|Any man worth his salt will stick up for what he believes right, but it takes a slightly better man to acknowledge instantly and without reservation that he is in error. - Andrew Jackson|
Bicycles. BMX Bikes, Dirt Bikes, Mountain Bikes, Racing Bikes
Started in the 1880s, bicycles became a way of transportation, recreation, entertainment, exercise, rehabilitation, work, and much more.
What do you normally think of when someone mentions a bike? Mountain bike, road bike, racing bike, dirt bike or perhaps a unicycle? The term bike has progressed, starting several centuries ago, into a wide variety of meanings.
Non-motorized bikes have many uses. They are limitless in terms of what they have done in the past and what people are using them for now.
BMX, short for Bicycle Motocross, is a stunt form of biking. The wheels are much smaller than a mountain or road bike, usually there is only one gear, and sometimes the bikes have coaster brakes, instead of hand brakes, meaning you pedal backwards to apply the brakes. This sport started in the 1970s in California. Many BMX competitions are held throughout the country, including races, where multiple bikers bike through courses with large dirt humps, jumps, berms, obstacles, and steep curves. Other competitions include freestyle biking: riding while doing tricks. Some tricks include wheelies (riding with the front tire in the air), endos (riding with back tire in the air), flipping 360 degrees in the air, jumping without hands attached to the handlebars, etc. New tricks are invented and named all the time!
On the other hand, road bikes have tires to produce as little friction as possible, which is why the tires are extremely skinny with no grooves in them. Road bikes have different gear configurations than mountain bikes. Since road bikers, sometimes called “roadies,” aren’t often ascending steep hills in short amounts of time, they don’t need as many low gears as a mountain bike. With different gear ratios, many different speed ranges can be obtained.
Bike racing is a very popular sport. Competitions range from going in small one mile circuits for a set amount of time to a long, multi-day trek across a designated road system lasting for weeks and almost 2000 miles!
Some bikes are designed just for speed. These bikes often have fewer surfaces exposed to the wind, which allow them to be much more aerodynamic, making them faster. The world record for fastest human powered vehicle is 68.7 miles per hour!
Mountain bikes have become a significant recreation. The development of different parts of a bike, including wheel suspension to bike gears have allowed almost every type of terrain to be explored via bike. Downhill bikes are used to descend amazingly steep hills because of how the frame is build. Their large shocks can run over rocks, fallen trees, or other obstacles that might otherwise cause tragedy on a bike not built for this kind of terrain.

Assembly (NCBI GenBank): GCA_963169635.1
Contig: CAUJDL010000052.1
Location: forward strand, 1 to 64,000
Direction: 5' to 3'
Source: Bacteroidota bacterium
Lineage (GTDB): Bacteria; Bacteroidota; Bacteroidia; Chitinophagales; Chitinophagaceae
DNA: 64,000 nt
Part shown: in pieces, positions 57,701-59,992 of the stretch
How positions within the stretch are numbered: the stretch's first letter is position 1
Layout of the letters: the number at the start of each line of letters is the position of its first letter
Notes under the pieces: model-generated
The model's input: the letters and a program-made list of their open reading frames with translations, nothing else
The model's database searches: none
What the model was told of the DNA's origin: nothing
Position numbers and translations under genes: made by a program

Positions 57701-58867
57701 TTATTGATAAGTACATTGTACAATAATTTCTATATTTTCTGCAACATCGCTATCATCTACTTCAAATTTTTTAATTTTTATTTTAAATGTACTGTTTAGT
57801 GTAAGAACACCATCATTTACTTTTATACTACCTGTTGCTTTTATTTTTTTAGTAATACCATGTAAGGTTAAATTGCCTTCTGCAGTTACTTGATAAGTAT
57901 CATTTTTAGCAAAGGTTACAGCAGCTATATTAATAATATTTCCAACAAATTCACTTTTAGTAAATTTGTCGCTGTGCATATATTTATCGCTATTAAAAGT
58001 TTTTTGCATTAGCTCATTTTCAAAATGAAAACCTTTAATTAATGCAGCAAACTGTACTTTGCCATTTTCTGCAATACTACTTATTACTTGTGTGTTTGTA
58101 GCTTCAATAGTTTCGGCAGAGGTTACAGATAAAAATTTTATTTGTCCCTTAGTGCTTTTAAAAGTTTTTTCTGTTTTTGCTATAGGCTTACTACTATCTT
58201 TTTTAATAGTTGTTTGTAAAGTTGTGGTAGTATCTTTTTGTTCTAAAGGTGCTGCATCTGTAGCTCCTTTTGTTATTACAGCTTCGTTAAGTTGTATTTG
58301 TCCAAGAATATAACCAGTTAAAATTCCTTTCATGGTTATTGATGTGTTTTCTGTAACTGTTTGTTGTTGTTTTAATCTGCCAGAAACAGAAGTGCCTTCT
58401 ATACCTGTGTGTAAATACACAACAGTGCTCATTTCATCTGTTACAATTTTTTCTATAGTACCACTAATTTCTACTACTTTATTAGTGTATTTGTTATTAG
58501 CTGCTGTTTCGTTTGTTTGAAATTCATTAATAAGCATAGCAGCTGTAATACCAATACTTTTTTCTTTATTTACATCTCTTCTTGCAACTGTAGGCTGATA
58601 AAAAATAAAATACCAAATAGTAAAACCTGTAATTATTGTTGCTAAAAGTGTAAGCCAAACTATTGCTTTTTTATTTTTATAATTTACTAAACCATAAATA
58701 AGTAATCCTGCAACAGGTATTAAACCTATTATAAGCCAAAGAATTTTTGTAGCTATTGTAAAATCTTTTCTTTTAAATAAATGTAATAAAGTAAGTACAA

The typical mountain bike usually has many gears which allow the biker to shift based on the grade of the terrain. More gears have become popular in recent years. Older mountain bikes only use to have 10 gears, however, 27 gears are now standard on most mountain bikes. There are 3 sprockets on the front and 9 on the back, which allow bikers to ride up very steep terrain with short, quick pedal strokes, as well as riding downhill peddling long, powerful strokes.
The tires of a mountain bike are designed with thick tread to allow travel through dirt and mud with more traction than a smooth tire, or “slick.”
Work bikes have also become more widely used. For example, police on bikes are more and more common in cities all over the US. In some instances, bikes are more practical than motorized vehicles because it allows the rider to travel to places that larger automobiles could not access.
In fact, history has used bikes more than you might think. Before cars were widespread in the early 1900s, bikes were faster and more reliable than cars. Even the military uses bikes to get around in some environments.
Bikes vs. Automobiles
Compared to automobiles in numbers, bikes have an astonishing lead. The total bike count is around 1.6 billion, whereas the car count is only in the millions. China leads the world in bike use, with statistics saying they use about 60% of the world’s bikes, choosing to bike over other forms of transportation about 50% of the time. Many other western European countries choose to ride bikes often, too. However, city dwellers in the US choose to ride their bikes not even 1% of the time.
Bikes have had a major impact on the world since their developments began centuries ago. It took many clever individuals to come up with more efficient bike designs, starting with the invention of the wheel thousands of years ago!
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